The fabled Xingu River, with its dark blue waters and unusual rock formations, is a 1230 mile long river in the north of Brazil and one of the principal tributaries of the mighty Amazon river. Here in the lower Xingu, on a 80 kilometer bend through the ancestral territory of several indigenous tribes, the Brazilian government is moving ahead with construction of the third-largest dam in the world, one of the Amazon’s most controversial “development” projects: the Belo Monte Dam.
In the distance, just above the pale scraped shore in the center of the photograph, there is a small white marker: this is the proposed site of the eventual dam. To the west (right) the river water will be stanched by the dam and diverted into a gigantic reservoir, flooding hundreds of square kilometers of rainforest, farms, and portions of the urban center of the Amazonian town of Altamira. To the east (left), the river’s flow will be reduced to a malaria-infested trickle, depriving downriver communities of their lifeline.
The weatherbeaten Amazonian town of Altamira, in the Brazilian state of Para, was once a farming, fishing and small-scale mining community. It has recently transformed into a dam-driven boom town, with elevated crime rates, strained social services, and increased drug and alcohol use. A third of this city (including the port shown below) will be flooded by the Belo Monte dam.
Inhabitants of the region — indigenous peoples, farmers, fishers, and the townspeople of Altamira — have formed a resistance movement against the dam, known as Movimiento Xingu. This map, drawn by community members, hangs as a centerpiece in their offices in Altamira.
The lower Xingu is the ancestral territory of many indigenous tribes, including the Arara, Juruna, Kayapo and Munducuru people. These tribes have been living off the bounty of the rivers and the forest for hundreds, if not thousands, of years. The Belo Monte dam threatens their very survival. Here, members of the Munducuru tribe display strength at a meeting convened by the Movimiento Xingu on June 13th in the dam-affected community of San Antonio, approximately 50 kilometers west of Altamira. The Movimiento Xingu meeting in San Antonio was convened only days before the Brazil-hosted UN Earth Summit in Rio de Janeiro (Rio+20) next week in order to develop local strategies of resistance to the dam, and to bring international attention to the egregious violation of human rights and the imminent threats facing the ecosystem of the Xingu.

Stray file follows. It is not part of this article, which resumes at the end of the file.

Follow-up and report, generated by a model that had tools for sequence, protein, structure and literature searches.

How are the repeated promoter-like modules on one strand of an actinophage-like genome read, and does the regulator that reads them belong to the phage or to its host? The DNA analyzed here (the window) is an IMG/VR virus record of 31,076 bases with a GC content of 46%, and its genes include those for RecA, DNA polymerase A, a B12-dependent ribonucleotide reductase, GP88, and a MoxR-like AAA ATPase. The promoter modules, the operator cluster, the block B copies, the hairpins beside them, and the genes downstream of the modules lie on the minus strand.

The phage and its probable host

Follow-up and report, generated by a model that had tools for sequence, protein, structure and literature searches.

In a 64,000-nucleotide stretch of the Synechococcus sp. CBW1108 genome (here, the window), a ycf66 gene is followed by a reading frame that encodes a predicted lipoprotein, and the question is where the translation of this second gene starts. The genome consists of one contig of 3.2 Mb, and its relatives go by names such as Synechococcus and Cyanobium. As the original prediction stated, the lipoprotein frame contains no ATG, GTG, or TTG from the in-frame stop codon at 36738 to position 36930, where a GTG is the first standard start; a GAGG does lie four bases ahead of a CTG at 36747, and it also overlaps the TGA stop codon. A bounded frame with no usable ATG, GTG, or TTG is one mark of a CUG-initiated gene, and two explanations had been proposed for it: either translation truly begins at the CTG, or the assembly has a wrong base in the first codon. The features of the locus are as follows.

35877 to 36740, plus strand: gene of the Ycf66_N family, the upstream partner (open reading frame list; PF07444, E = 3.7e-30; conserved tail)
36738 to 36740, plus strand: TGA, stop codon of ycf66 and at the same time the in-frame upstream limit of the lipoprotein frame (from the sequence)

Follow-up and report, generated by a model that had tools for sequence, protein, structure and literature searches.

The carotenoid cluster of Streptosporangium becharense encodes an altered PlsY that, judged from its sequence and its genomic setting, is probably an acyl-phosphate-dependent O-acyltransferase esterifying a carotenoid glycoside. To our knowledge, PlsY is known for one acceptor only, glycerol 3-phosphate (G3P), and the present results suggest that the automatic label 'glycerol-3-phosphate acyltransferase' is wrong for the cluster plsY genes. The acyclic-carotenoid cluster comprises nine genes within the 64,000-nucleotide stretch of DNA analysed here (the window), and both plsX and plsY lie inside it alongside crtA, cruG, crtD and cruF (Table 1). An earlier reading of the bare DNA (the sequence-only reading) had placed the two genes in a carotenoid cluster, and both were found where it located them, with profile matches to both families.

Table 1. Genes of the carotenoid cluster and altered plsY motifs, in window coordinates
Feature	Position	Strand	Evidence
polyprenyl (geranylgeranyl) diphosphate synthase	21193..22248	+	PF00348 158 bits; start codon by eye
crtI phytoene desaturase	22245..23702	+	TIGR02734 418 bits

The Belo Monte Dam, which is expected to be the third largest in the world with investments totaling upwards of $18 billion, is being financed and built by what is known as “The Consortium” — a group of Brazilian state-owned energy companies and private mining interests. Despite decades of strong local and international resistance to the proposed dam, the Consortium won “legal rights” to begin construction of the Belo Monte dam complex in late 2011. Since then, construction has moved ahead at a startling pace, with armies of dam construction crews carving out massive diversion canals through the forest, as well as building a series of coffer dams downriver from the proposed dam site.
The scale of the undertaking for the Belo Monte Dam Complex, in terms of work force and engineering challenges, is absolutely staggering. Already, within the first year of construction, the Consortium has employed upwards of 5000 workers, working in a consistent two-shift rotation six days a week. Even at the Movimiento Xingu gathering yesterday, the dirt roads off the trans-Amazon highway were clogged with trucks and dam workers.
Many of the farmer and fisher families in the region have been displaced from their homes by the Consortium. The “community relations” tactics employed by the Consortium can vary, but as a rule the Consortium offers a small, usually insulting payment to local landowners for their property. If the payment offering is rejected, the Consortium will threaten eminent domain. Also, landowners have very little legal recourse to protect their land from expropriation, given the Brazilian Government has declared the areas surrounding construction of the Belo Monte dam as “areas of impact” and thus part of the “public interest.”
In this photograph, a young boy stands at night outside the community of San Antonio, just across from a major Belo Monte work base. Many residents of San Antonio have been evicted from their properties. There have been several instances of the Consortium burning and bulldozing homes, churches and cemeteries.
The Brazilian Government has plans to build 70 large dams across the Amazon rainforest over the coming decades, and they are touting hydroelectric power as a solution to Brazil’s periodic blackouts and as a “clean development” approach to global climate change. In reality, the Belo Monte dam will cause foreseeable environmental devastation, including species extinction, malarial infestation, and high CO2 emissions from the methane released by the rotting and flooded forest. If built, it will also lead to the destruction of the ancestral territory and culture of the Kayapo, the Juruna, the Arara, and the Munducuru indigenous tribes, as well as an end to the way of life of thousands of farmers and fishers in the region, who depend on the forest and the river for their livelihoods.
The fight against the Belo Monte Dam has reached a critical juncture, where the survival of the forest, the river and the people of the Amazon hangs in the balance.
For more information and to get involved in the fight against Belo Monte, visit www.amazonwatch.org